The knowledge of life histories in tardigrades is still limited, while an evaluation of the energy allocation for their reproduction has been considered very little. To improve our knowledge on these topics, we have studied two species differing in evolutionary histories, diet and ways of oviposition. Macrobiotus richtersi (Macrobiotidae) is carnivorous and lays “free” ornamented eggs, while Hypsibius convergens (Hypsibiidae) is certainly not carnivorous and lays smooth eggs within the exuvium. For both species we considered a bisexual population dwelling in the same substrate, a beech leaf litter collected on the Apennines (Piane di Mocogno, Modena, Italy) at 1200 m a.s.l. Both species are iteroparous. In M. richtersi, the maturative patterns of male and female gonads follow the respective models proposed by Rebecchi & Bertolani (1994). In H. convergens the male germ cell maturation is continuous and follows the previous male model, whereas the female germ cell maturation does not strictly follow the stages described for M. richtersi and other eutardigrade species.With regard to the energy allocation, males with testis rich in spermatozoa and females with ovary containing oocytes in advanced vitellogenesis have been considered in both species. The age of those specimens has been estimated according to the buccal tube length. Their body and gonad areas have been evaluated with an image analysis program. In both species females reach a larger size than males. Macrobiotus richtersi has statistically longer buccal tube and wider body area than H. convergens. Statistical analysis evidences that the buccal tube length is positively related to the body area and to the gonad area. For an estimate of the relative energy allocated for the reproduction in one reproductive event (here called RRE = relative reproductive effort), we have used the ratio: gonad area/body area. In males of both species, the absolute amount of energy and, above all, the RRE is statistically lower than that of females. In M. richtersi, the RRE of both males and females is directly related to the age of the animal, whereas in H. convergens this direct relationship is not detectable. This means that in M. richtersi the energy allocation for a reproductive event increases during the life of the animal. In each reproductive event, due to their smaller size, in absolute value, females of H. convergens allocate a lower amount of energy with respect to M. richtersi, but if we consider the RRE, their investment results higher than that of M. richtersi.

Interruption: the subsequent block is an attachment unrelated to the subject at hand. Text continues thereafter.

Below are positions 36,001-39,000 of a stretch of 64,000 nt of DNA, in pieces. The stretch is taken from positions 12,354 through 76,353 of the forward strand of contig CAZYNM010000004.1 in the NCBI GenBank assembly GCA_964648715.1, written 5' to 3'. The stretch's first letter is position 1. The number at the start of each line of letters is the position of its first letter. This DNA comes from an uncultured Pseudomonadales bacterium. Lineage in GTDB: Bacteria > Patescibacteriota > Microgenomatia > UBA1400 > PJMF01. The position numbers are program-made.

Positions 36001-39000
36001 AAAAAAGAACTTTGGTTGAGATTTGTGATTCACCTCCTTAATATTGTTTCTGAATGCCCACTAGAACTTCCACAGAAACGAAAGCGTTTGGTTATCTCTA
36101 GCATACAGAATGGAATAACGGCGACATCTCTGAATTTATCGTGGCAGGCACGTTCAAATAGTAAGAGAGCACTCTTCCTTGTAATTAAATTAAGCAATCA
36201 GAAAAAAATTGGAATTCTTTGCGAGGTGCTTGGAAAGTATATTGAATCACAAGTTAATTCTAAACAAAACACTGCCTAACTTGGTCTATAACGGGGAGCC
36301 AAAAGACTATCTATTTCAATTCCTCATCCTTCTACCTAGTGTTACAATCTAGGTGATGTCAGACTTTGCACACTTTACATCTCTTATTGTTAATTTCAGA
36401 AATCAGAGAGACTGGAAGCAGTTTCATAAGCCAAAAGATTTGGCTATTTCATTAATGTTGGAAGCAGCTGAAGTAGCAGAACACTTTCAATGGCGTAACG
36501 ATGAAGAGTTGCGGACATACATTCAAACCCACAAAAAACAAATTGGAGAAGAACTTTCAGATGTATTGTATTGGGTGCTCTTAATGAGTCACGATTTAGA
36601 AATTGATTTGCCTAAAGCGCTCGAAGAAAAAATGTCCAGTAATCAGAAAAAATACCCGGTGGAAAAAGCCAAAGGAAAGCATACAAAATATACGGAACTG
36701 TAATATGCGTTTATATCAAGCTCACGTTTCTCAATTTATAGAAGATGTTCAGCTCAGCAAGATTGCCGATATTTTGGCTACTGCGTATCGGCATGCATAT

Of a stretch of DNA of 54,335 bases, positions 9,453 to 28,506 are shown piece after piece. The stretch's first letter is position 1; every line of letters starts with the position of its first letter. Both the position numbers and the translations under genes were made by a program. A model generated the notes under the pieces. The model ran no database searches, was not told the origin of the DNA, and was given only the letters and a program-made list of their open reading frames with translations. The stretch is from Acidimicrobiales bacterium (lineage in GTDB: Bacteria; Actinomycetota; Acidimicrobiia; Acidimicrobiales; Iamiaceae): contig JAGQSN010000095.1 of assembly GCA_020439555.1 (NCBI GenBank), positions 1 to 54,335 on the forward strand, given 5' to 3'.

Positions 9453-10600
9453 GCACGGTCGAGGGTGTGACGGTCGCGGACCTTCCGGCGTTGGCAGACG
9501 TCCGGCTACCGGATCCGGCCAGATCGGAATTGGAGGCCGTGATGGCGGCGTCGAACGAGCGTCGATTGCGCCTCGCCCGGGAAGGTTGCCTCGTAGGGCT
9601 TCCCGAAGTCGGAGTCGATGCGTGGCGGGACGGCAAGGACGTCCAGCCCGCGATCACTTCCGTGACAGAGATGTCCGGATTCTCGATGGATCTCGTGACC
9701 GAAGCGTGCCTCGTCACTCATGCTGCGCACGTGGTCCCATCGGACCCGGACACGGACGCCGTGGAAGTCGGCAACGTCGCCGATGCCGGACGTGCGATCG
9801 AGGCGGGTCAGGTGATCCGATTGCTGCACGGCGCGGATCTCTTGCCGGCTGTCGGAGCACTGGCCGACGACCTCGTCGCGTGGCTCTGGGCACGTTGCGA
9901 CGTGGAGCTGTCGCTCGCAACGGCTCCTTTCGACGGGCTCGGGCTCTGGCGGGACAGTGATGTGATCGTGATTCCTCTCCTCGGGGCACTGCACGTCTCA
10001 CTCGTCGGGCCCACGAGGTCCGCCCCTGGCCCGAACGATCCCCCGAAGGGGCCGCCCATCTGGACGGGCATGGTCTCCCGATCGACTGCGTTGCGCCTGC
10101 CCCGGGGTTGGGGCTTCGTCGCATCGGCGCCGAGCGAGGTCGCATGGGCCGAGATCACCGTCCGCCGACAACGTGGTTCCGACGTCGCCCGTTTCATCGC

Energy allocation in the reproductive events of Macrobiotus richtersi and Hypsibius convergens (Eutardigrada) / Altiero, Tiziana; Guidetti, Roberto; Bertolani, Roberto; Rebecchi, Lorena. - STAMPA. - Volume unico:(2006), pp. 21-21. ((Intervento presentato al convegno Tenth International Symposium on Tardigrada tenutosi a Catania nel 18-23 giugno 2006.

Energy allocation in the reproductive events of Macrobiotus richtersi and Hypsibius convergens (Eutardigrada).

ALTIERO, Tiziana;GUIDETTI, Roberto;BERTOLANI, Roberto;REBECCHI, Lorena
2006

Abstract